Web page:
Instructors can request access to the Casebook Instructor's Guide on AccessPharmacy. Email User Services (email@example.com) for more information.
After completing this case study, the reader should be able to:
Describe the advantages and disadvantages of the various options for emergency contraception.
Describe the efficacy of each emergency contraception method and factors that may influence the efficacy.
Discuss the possible adverse effects and contraindications of the various forms of emergency contraceptives, including both oral and nonoral options.
Educate patient regarding the use of emergency contraception and adherence to contraceptive regimen.
“I forgot to restart my birth control pill pack. I have gone 9 days without a ‘real’ pill. I’m not ready to be pregnant yet!”
Olivia Furtel is a 19-year-old woman who presents to the family medicine clinic in a panic. She states that she typically throws out the last week of pills in her pack, “since they are not ‘real’ pills anyway,” and she forgot to start her new oral contraceptive pack on time. She had intercourse with her husband 2 days ago and wants to know what she should do to avoid pregnancy.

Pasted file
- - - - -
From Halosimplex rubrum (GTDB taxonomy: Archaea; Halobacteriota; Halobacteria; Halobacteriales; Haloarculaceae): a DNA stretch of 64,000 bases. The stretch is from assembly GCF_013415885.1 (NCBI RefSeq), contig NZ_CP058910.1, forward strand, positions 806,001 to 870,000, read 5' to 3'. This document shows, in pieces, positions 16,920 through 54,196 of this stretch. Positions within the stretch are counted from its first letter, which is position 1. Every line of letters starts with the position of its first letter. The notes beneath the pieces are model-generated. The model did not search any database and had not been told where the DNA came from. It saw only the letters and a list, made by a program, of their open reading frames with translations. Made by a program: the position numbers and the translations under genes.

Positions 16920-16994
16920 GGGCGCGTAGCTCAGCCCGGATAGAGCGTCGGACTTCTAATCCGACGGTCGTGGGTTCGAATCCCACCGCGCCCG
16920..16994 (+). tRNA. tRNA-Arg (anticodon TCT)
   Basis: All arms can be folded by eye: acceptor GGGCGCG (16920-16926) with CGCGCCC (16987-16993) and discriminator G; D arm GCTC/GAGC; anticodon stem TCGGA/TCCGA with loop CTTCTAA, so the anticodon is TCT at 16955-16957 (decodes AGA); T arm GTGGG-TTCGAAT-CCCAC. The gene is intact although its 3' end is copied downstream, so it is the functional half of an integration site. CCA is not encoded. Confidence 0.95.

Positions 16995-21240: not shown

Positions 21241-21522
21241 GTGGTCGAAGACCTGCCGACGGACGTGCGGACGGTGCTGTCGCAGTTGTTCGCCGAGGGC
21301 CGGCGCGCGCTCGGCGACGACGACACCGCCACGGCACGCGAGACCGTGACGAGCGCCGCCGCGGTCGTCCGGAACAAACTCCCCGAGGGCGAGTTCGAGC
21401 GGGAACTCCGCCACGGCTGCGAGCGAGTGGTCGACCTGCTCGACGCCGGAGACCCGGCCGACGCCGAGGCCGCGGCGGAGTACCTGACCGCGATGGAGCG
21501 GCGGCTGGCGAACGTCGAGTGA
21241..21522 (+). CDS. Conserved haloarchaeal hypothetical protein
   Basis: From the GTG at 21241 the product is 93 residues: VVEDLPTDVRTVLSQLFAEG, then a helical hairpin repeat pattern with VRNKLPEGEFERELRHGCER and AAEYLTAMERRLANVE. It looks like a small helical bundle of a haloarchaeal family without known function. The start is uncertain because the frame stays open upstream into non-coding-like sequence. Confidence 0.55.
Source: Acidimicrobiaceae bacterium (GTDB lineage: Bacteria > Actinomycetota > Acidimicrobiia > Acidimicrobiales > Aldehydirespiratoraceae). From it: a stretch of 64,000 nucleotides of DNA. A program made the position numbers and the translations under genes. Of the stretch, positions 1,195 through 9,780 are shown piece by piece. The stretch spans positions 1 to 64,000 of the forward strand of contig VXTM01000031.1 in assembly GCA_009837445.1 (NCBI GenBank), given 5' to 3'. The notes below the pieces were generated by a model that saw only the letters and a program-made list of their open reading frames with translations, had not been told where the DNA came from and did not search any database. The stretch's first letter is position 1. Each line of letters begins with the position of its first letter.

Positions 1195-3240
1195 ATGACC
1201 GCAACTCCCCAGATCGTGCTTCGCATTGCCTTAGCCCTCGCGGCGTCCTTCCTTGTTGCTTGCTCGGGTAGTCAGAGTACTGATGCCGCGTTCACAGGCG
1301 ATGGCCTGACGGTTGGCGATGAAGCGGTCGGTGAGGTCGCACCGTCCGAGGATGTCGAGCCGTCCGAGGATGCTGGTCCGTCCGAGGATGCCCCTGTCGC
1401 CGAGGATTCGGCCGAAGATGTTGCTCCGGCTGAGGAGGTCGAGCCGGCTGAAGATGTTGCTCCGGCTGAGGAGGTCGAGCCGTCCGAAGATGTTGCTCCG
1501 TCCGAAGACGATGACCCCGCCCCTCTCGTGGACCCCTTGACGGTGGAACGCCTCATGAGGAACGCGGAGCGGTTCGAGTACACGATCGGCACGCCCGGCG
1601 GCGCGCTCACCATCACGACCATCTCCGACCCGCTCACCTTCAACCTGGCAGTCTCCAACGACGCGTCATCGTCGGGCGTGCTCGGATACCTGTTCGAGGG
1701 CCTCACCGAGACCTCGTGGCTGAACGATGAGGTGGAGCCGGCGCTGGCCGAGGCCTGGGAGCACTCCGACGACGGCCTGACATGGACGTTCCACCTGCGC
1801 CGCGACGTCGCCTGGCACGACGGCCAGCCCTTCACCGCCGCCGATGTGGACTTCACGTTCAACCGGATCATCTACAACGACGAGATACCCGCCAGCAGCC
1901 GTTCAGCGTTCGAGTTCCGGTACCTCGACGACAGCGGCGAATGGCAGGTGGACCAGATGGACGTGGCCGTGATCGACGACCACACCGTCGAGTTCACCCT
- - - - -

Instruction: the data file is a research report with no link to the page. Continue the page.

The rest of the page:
Mother, age 47, with type 2 diabetes. Father, age 45, with hypertension. Maternal grandmother, age 69, with COPD.
Enjoys an occasional glass of wine
Married × 1 year—mutually monogamous relationship
Cetirizine 10 mg PO once daily × 5 years
Ethinyl estradiol 20 mcg/ levonorgestrel 0.1 mg (Aviane) 1 tablet PO once daily × 2 years
Patient is a nulligravida woman whose menstrual periods are regular with the use of the combined oral contraceptive (OC). She denies any breakthrough bleeding or spotting with routine use. She is tolerating the OC well.
WDWN woman appearing anxious
BP 106/70 mm Hg, P 60 bpm, RR 13, T 37°C; Wt 53.5 kg, Ht 5′5″, BMI 19.6 kg/m2
Normal; intact; warm and dry
Deferred; she had a complete examination 3 months ago that was normal
Tests negative for chlamydia, gonorrhea, syphilis, and HIV